Moving away again and we will move back up our positions in the Reserve Gulley.

(July 22nd Thursday)
Well? I think I have taken down most of the principal events and dates, so now I will commence to write every day and if there is nothing interesting to write about it is not my fault. There are all kinds of rumours flying about now as to what is going to be done. We have now been here over two months and have done practically nothing except kill a few Turks and with wounded, sick and killed we have only about half the original men left. We are doing fairly well for mail now but still any news we get is so stale. Orders came out this afternoon that a big attack is expected tonight and that we all were to stand to arms for an hour at midnight and again at 3am.

(July 23rd Friday)
Well! After all the preparation last night nothing came of it. The Turks are very quiet today, hard on shooting. Heavy bombardments at Cape Helles. No orders to stand to arms tonight but we are to be ready to turn out at short notice.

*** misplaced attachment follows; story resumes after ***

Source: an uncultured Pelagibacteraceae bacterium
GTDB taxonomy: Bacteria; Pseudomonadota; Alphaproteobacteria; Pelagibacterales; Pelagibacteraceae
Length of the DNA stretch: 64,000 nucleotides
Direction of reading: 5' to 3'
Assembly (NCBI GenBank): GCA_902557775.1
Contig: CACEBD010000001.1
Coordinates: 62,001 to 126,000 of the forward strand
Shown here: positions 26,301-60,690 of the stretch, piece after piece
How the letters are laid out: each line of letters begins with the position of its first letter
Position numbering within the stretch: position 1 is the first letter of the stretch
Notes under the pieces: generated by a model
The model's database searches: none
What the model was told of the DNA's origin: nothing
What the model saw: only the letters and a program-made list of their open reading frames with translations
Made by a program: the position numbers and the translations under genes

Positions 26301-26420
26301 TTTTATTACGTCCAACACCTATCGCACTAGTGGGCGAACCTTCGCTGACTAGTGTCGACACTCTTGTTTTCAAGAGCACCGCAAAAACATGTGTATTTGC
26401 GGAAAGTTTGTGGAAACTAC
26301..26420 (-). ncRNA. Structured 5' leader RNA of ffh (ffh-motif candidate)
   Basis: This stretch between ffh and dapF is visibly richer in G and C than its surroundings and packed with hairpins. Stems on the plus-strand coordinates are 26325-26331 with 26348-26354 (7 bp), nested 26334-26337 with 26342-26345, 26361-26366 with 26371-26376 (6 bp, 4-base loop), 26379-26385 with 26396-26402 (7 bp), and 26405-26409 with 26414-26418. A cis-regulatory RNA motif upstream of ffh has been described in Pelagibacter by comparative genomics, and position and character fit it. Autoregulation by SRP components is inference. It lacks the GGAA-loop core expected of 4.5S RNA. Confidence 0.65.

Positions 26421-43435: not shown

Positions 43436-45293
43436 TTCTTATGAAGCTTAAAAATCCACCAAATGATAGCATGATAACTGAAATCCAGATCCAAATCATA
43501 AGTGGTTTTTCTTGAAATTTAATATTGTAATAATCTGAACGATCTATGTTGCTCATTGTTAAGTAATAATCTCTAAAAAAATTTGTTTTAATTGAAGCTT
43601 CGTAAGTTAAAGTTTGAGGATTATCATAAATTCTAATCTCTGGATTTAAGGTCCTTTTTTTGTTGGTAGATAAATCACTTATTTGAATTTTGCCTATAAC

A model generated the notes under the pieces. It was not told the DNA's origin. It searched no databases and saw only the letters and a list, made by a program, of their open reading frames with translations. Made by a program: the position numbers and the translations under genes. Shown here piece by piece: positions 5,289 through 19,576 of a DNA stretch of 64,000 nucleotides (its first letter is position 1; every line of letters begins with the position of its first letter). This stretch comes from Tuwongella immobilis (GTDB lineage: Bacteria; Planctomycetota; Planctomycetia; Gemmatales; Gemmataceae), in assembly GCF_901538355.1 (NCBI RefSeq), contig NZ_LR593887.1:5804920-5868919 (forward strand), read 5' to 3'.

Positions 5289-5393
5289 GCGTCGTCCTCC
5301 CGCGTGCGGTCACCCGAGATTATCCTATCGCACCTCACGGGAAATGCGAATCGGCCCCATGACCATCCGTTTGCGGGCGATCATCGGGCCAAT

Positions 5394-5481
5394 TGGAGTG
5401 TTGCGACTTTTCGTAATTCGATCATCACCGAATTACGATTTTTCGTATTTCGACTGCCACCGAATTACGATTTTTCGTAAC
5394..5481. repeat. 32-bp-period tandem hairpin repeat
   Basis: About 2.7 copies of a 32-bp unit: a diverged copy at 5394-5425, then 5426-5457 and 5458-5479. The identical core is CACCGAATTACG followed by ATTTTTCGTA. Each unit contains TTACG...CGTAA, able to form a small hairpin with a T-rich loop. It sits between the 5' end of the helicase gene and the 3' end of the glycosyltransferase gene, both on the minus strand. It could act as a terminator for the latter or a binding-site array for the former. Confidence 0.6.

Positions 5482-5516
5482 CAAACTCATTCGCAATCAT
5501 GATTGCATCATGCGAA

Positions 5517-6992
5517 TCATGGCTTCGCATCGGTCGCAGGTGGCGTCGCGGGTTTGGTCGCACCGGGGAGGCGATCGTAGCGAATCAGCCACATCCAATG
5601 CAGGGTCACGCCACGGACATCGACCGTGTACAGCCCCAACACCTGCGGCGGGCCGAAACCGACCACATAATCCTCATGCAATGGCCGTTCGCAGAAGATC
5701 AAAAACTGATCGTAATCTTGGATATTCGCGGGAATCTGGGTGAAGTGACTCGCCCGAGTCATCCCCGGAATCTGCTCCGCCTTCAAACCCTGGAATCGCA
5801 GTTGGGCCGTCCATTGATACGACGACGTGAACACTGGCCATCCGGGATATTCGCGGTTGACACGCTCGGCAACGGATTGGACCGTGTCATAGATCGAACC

(July 24th Saturday)
Our Regiment is Inlying Picquet today and left for up the hill at 7am. Our Troop No. 4 was posted in the firing line for the 24 hours. A very quiet day. Our Torpedo Destroyers shelled the Turkish trenches a good deal and they answered with a few shells which burst near us but did no harm.

(July 25th Sunday)
Returned to camp about 7:30am, an especially quiet night in the trenches. I sent a cablegram home.

(July 26th Monday)
All hands were on various fatigues all day. Very quiet

(July 27th Tuesday)
Our Regiment is Inlying Picquet again and we have to be ready to turn out to reinforce the firing line at any time and I am off duty today with a bad back.

(July 28th Wednesday)
Another day off duty with bad back, doctor prescribed a mustard plaster which made things worse at its time. A number of fatigues as usual.

(July 29th Thursday)
Still off duty but feel a lot better tonight. Our Squadron is inlying Picquet to No. 2 Outpost.

(July 30th Friday)